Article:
When you connect the power, the PIC will send a message to the computer, which should come up in the terminal window. It should send “PIC Servo Controller” then “Reset”. You may also notice the servo twitches a little when you first connect the power. You should be able to turn the servo with your fingers and it won’t resist or return to a point. This means it is not getting any position signals.

Lets send it some commands while we’re here. Type a ‘0’ (zero), this is actually the command to enable the output of servo 0, so the servo should move with a satisfying whirr! It should also resist your attempts to move it, but don’t use too much force.

Now type an ‘at’ sign (@) and the servo should be deactivated so you can move it again. You should notice the LED light and will remain on for about a quarter of a second after the each character. You won’t get anything displayed in the terminal program however as the PIC is not echoing back the characters. It is in fact trying to read them as commands.

Close your terminal program, and power off the controller.
Congratulations it works!

◆ Host Program
An example program to control the servo and digital outputs written in QBASIC is provided. It simply opens the serial port and sends an example of each command to the controller.

A host program can be written in any language that can access the serial port. It must configure the port for 2400 baud 8 data bits, no parity and 1 stop bit with hardware flow control. It should then send a reset command to reset the controller to bring everything back to a known state.

The reset state is where all digital outputs are off, all servo outputs are disabled and all servo offsets and positions are set to 128.

From there the program builds commands and sends them to the serial port to control the hardware, probably under control of some other input (a joystick for instance).

Refer to the side bar for details of the commands the servo controller will respond to.

[Side Panel ? Servo Controller Commands]

◆ Servo Controller Commands
To control the servos and outputs we need to send commands to the PIC. Some of the commands are single byte commands; some however require two bytes.

The first byte always contains the command and the channel to which the command applies. We will call this the ‘Command’ byte. The second byte when needed will contain data for the command; we will call this the ‘Data’ byte and is used when we need to set the servo offset or position for example.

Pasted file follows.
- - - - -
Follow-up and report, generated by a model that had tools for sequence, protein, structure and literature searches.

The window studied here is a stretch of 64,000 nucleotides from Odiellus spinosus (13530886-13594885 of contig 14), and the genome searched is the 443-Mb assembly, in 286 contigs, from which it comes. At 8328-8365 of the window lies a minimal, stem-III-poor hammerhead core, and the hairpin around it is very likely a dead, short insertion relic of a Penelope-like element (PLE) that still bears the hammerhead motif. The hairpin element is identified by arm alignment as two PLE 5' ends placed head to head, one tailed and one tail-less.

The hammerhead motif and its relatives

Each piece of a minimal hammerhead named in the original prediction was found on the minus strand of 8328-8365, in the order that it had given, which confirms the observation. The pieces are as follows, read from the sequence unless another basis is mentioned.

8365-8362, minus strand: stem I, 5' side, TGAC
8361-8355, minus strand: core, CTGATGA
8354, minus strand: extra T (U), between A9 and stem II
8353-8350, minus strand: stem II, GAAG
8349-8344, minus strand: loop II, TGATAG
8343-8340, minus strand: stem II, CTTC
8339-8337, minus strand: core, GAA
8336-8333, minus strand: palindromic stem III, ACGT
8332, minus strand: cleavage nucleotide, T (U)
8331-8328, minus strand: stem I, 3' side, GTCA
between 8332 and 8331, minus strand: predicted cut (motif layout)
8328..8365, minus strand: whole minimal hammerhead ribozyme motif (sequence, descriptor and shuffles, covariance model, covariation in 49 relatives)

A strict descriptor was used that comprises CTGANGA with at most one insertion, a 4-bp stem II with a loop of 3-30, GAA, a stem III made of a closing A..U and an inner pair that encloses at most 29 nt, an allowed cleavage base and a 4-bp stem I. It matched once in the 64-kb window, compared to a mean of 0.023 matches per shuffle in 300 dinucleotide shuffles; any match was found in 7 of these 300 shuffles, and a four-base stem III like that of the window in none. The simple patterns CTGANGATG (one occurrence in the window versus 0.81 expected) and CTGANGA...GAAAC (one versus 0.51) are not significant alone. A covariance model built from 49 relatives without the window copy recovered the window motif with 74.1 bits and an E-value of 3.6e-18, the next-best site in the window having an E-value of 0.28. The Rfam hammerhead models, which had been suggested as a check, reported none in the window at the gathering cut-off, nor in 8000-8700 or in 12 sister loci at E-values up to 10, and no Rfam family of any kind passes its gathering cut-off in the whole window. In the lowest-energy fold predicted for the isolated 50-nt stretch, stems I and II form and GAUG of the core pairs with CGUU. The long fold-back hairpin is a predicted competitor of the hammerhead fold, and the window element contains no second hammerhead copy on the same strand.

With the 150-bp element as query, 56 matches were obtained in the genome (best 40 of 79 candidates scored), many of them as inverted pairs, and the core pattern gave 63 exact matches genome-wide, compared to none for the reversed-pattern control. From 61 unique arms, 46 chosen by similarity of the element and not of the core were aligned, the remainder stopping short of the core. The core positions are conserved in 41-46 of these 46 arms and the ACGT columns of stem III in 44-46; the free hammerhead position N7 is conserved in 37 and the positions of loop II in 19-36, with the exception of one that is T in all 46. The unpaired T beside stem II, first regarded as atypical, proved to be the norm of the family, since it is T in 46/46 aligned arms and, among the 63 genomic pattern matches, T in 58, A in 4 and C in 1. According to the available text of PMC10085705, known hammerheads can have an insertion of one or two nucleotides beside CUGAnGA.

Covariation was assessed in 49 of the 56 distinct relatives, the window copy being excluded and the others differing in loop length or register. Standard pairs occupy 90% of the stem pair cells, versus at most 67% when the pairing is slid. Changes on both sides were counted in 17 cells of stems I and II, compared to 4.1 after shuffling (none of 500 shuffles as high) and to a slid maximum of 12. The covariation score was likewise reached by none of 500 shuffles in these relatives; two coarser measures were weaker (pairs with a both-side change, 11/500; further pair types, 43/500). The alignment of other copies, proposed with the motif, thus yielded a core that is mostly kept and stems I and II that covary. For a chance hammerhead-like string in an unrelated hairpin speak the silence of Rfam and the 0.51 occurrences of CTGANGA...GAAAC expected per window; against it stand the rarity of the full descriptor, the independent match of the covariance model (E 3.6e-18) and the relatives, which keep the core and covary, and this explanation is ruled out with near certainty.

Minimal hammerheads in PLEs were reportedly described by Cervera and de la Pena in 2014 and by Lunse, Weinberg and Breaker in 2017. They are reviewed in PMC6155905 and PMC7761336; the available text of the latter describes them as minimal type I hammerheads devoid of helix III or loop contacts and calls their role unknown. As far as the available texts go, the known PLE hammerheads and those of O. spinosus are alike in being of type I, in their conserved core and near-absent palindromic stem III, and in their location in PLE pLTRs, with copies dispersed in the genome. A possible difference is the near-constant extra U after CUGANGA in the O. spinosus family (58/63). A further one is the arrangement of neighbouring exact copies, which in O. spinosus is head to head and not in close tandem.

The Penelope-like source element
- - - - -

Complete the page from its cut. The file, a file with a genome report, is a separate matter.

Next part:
The command byte is split into two nibbles (4 bits), the upper one defines the command to execute and the lower defines the channel (which servo or digital output) is to be affected.

Bit 7
Bit 6
Bit 5
Bit 4
Bit 3
Bit 2
Bit 1
Bit 0

◆ Command
Channel Select

Currently, the software recognises only channels zero, one, two and three. The following are the commands and their numerical value. To build command bytes add the command value to the channel number.

Data Byte

Reset the controller. All outputs off, all servos disabled and all servos position and offset values are set to 128 (midrange). The data byte following this command MUST be zero. To ensure that a reset command it actually executed, send three consecutive zero bytes.

Set the servo output ‘Position’ value for the servo specified in the channel nibble. The data byte contains the new position value between 0 and 255.

Set the servo output ‘Offset’ value for the servo specified in the channel nibble. The data byte contains the new offset value between 0 and 255.

Enable Servo Output. Start generating the servo control pulse for the servo specified in the channel nibble.

Disable Servo Output. Stop generating the servo control pulse for the servo specified in the channel nibble.

Set Digital Output On (High). Set the digital output specified in the channel nibble high (5 volts).

Set Digital Output Off (Low). Set the digital output specified in the channel nibble low (0 volts).

Special consideration needs to be given to the reset command as the state of the command parser in the PIC is not known when it is issued we actually need to be a little tricky. The parser could be waiting for a command in which case it would work, or it could be waiting for a data byte in which case it would get a little confused.

Therefore we will make the reset command a series of three zeros and have the parser on the PIC detect that there is an extra byte and ignore it.

When the servo controller receives a reset command it will turn everything off, set all the servos position and offset values to midrange and send the string “Reset” to the serial port with a ‘carriage return’ and a ‘new line’ character appended.

◆ Example Commands
Enable Servo 0: 48 + 0 = 48 (ASCII ‘0’)
Enable Servo 2: 48 + 2 = 50 (ASCII ‘2’)
Disable Servo 0: 64 + 0 = 64 (ASCII ‘@’)
Disable Servo 2: 64 + 2 = 66 (ASCII ‘B’)
Set Servo 1 Position to 180: 16 + 1 = 17 then 180

◆ Parts List
-Resistors (Metal Film 1% or 5%, 0.25 W)
R1 1K
R2 100K

C1, C2, C3, C4, C5 10uF 25 Volt Electrolytic
C6 47uF 25 Volt Electrolytic
C7, C8 22pF Ceramic
C9, C10 0.1uF MKT Polyester

U1 MAX232
U2 7805 voltage regulator
U3 PIC16F84 programmed with SERVOCTL.HEX
D1 IN4004
D2 5mm Red LED

Y1 4 MHz Crystal
8 3 pin PCB Header Pins. Buy a longer length and bread them up.
1 16 Pin IC Socket
1 18 Pin IC Socket
1 DB9 90 degree female connector
1 2.5mm PCB Mount DC Power socket
3mm bolts, nuts and PCB standoffs for mounting

◆ As Published in Electronics Australia, September 2000.
By Ashley Roll

◆ please visit the following web site: